Giant is Edna Ferber's classic novel about Virginia socialite Leslie Lynnton and her improbable marriage to Texan cattleman Jordan 'Bick' Bennedict. Pretty, refined and sharply intelligent, Leslie makes a stark contrast to her swaggering husband. Bick is the king of the million acre Reatta Ranch in Texas. Set after the end of the first World War, Bick has strong opinions about the place of women and everyone else in society. Taught to think for herself, Leslie struggles to adjust to the harsh Texas landscape and the social customs of the society she has married into.Fans of the movie Giant should be happily surprised that the movie followed the book so closely. Fans of Texas will probably be less pleased. While not a smear job, Giant does not always paint Anglo Texans in the most flattering light. Their destruction of the land through unsound farming and grazing practices is described. The inherent bigotry of the Mexican people is also relentlessly explored. The bigness, bragging, overheated egos, misogyny, friendliness, sense of family and custom and racism are all laid bare. Most startling is despite being written decades ago, many of the social themes of the novel still seem very much resonant today.more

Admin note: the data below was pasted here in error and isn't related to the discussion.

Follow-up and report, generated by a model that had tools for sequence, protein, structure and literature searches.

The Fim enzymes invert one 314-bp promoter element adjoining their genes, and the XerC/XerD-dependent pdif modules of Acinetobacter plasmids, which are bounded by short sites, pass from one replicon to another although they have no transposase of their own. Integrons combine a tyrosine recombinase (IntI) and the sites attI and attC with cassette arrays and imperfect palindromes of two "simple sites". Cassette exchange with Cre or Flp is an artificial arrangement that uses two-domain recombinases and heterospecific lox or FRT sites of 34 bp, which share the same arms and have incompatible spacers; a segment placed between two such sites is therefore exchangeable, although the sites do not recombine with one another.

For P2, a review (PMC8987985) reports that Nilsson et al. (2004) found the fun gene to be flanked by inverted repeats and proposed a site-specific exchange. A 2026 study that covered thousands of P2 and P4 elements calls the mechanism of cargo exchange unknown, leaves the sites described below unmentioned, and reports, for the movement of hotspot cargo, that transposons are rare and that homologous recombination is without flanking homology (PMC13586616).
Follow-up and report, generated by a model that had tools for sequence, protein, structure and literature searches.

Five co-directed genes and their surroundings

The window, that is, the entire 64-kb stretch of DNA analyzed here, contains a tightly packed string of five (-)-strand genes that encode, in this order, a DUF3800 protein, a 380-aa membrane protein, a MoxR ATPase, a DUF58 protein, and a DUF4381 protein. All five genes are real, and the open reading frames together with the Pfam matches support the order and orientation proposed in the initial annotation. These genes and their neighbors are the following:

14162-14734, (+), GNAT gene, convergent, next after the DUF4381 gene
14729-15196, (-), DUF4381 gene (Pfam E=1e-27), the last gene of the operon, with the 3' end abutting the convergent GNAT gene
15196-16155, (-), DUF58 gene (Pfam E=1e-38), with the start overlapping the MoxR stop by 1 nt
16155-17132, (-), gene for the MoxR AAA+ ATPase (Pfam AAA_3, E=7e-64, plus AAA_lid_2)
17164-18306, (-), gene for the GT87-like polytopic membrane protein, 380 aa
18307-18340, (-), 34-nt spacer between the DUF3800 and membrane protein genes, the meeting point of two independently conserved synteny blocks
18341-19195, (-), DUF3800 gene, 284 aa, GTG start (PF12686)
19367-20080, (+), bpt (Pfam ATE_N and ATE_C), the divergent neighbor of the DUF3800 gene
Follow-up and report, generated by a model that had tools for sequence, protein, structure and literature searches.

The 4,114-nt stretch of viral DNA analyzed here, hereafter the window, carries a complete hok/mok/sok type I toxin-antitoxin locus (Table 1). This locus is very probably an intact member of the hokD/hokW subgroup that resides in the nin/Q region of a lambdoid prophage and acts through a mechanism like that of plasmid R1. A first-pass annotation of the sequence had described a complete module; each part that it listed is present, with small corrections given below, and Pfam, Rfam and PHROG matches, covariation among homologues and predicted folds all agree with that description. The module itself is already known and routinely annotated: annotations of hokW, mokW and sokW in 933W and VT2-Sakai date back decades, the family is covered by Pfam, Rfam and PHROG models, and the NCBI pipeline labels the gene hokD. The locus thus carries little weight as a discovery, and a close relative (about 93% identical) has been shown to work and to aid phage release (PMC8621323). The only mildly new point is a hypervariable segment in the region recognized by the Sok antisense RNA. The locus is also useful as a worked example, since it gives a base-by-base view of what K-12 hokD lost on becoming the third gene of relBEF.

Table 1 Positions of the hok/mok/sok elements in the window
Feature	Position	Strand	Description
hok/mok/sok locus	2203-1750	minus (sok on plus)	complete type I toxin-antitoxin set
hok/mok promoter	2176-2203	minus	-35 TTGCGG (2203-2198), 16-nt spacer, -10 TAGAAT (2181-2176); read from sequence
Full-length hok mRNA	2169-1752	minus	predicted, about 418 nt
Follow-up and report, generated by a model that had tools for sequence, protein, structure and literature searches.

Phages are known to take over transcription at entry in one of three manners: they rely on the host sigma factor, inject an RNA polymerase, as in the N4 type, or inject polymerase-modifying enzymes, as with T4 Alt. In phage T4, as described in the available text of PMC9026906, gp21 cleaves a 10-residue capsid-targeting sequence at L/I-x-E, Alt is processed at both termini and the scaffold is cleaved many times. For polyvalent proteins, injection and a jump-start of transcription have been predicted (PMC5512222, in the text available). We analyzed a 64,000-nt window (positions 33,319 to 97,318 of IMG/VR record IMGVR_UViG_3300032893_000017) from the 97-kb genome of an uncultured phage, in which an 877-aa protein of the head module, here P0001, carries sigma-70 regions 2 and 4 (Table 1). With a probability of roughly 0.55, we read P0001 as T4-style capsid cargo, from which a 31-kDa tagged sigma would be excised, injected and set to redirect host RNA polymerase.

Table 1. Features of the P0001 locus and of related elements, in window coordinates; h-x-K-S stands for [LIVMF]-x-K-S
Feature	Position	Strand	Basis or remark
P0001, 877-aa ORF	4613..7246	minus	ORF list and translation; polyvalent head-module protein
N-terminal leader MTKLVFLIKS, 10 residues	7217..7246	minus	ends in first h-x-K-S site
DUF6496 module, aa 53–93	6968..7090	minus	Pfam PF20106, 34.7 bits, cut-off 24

Had to add this books again after deleting it. I am not keeping my copy because it is and old and worn paperback, but it was worth reading. I don't read much fiction, but I did like the movie and that drew me to the novel. It is an view of Texas, predjudice and how we have changed. Well, maybe not that much. I do recommend this book.more
The writing is so loaded with cliches, I have a hard time understanding how Ferber became an American literary giant. Still, she managed to keep me interested throughout the book. The movie is OK, and James Dean's performance as Jett Rink is brilliant, although much different and far less evil than the Rink of the novel.more